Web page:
Russia must prepare for increasing pressure from international sanctions, Russia's Central Bank head Elvira Nabiullina said in an interview with the Russian media outlet RBC published on Dec. 25.
"It is, of course, tempting to think that we fared well in 2022 and now we don't have a care in the world," said Nabiullina. "But we need to prepare for increased pressure from sanctions."
Russia managed main challenges in the financial sector, she said, but even in this area some problems are not resolved completely, including cross-border payments.
"For us, the long-term money in the economy is a challenge. It is not only the long-term loans, but also the capital markets," said Nabiullina.
Other challenges for the Russian economy include maintaining the pace of innovations with limited access to foreign resources, Nabiullina added.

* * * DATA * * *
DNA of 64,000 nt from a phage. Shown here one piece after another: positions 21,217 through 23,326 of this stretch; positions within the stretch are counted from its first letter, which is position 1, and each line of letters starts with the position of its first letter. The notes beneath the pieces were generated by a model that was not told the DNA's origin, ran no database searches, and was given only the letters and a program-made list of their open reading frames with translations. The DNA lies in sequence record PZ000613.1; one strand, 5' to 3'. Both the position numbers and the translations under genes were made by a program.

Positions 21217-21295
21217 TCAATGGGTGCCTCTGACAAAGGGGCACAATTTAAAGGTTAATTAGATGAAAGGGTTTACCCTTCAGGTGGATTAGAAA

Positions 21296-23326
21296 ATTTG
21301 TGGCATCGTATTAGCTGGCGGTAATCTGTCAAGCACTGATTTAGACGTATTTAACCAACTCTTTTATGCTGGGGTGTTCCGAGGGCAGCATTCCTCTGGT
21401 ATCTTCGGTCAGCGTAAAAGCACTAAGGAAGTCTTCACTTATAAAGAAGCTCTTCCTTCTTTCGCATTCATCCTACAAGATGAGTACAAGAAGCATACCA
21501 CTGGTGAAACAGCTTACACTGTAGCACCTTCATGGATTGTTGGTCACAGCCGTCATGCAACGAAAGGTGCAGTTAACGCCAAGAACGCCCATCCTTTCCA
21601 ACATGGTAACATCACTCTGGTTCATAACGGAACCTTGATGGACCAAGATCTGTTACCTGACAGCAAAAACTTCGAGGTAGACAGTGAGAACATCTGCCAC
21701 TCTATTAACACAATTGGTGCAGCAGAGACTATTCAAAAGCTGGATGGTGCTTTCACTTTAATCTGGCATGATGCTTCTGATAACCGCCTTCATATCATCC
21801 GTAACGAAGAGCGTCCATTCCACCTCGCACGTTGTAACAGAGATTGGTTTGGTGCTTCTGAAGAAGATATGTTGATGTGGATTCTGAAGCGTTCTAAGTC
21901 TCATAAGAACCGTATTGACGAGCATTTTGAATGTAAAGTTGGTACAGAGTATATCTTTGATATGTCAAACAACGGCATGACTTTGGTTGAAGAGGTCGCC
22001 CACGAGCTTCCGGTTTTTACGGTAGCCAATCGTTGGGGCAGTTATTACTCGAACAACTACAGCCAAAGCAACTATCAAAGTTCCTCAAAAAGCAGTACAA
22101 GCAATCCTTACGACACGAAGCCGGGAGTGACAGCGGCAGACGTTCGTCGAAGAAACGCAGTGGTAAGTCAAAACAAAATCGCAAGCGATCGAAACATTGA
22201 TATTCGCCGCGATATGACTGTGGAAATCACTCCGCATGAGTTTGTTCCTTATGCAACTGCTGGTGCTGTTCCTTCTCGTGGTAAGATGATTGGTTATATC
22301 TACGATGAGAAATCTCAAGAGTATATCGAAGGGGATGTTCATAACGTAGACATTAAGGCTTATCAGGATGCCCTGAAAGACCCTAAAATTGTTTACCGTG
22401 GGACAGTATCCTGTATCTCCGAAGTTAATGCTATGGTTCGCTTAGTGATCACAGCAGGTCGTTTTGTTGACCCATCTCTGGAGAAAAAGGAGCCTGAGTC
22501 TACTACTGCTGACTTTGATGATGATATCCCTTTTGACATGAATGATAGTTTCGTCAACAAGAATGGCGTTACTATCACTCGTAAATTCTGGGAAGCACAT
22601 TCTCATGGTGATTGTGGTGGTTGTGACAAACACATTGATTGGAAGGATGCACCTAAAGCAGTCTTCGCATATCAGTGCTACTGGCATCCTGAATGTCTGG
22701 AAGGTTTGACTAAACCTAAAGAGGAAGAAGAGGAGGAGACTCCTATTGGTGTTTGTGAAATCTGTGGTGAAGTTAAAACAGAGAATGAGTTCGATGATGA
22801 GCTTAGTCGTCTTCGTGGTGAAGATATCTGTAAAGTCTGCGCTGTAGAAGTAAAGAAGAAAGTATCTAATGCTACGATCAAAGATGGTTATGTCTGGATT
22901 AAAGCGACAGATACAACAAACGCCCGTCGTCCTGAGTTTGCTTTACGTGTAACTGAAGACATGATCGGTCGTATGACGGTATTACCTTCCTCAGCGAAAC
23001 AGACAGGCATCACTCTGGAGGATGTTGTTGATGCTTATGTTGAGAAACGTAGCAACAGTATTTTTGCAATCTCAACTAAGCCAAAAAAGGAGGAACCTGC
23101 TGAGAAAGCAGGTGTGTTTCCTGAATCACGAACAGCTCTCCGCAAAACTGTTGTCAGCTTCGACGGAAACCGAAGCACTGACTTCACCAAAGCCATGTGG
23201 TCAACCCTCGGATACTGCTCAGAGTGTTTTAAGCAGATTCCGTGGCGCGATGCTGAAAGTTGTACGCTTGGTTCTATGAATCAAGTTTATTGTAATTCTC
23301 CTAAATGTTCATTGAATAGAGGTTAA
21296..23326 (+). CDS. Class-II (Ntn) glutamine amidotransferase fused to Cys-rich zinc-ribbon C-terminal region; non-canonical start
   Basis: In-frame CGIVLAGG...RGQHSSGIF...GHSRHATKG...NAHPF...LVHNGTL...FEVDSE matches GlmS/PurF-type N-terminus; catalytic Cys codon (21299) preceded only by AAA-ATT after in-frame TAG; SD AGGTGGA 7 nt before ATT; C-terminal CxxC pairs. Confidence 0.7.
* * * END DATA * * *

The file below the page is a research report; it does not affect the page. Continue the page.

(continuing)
The comments about preparations for increasing pressure from sanctions come as the U.S. and European Union announced additional measures targeting Moscow's revenues during the war.
U.S. President Joe Biden signed a new executive order on Dec. 22 to strengthen the U.S.' sanctions against Russia and target financial institutions that help support Russia's war effort.
EU's 12th round of sanctions against Russia adopted on Dec. 18 included a ban on Russian diamonds, a crackdown on Russia's acquisition of military-use goods, and tighter controls over the $60-per-barrel oil price cap, among other measures.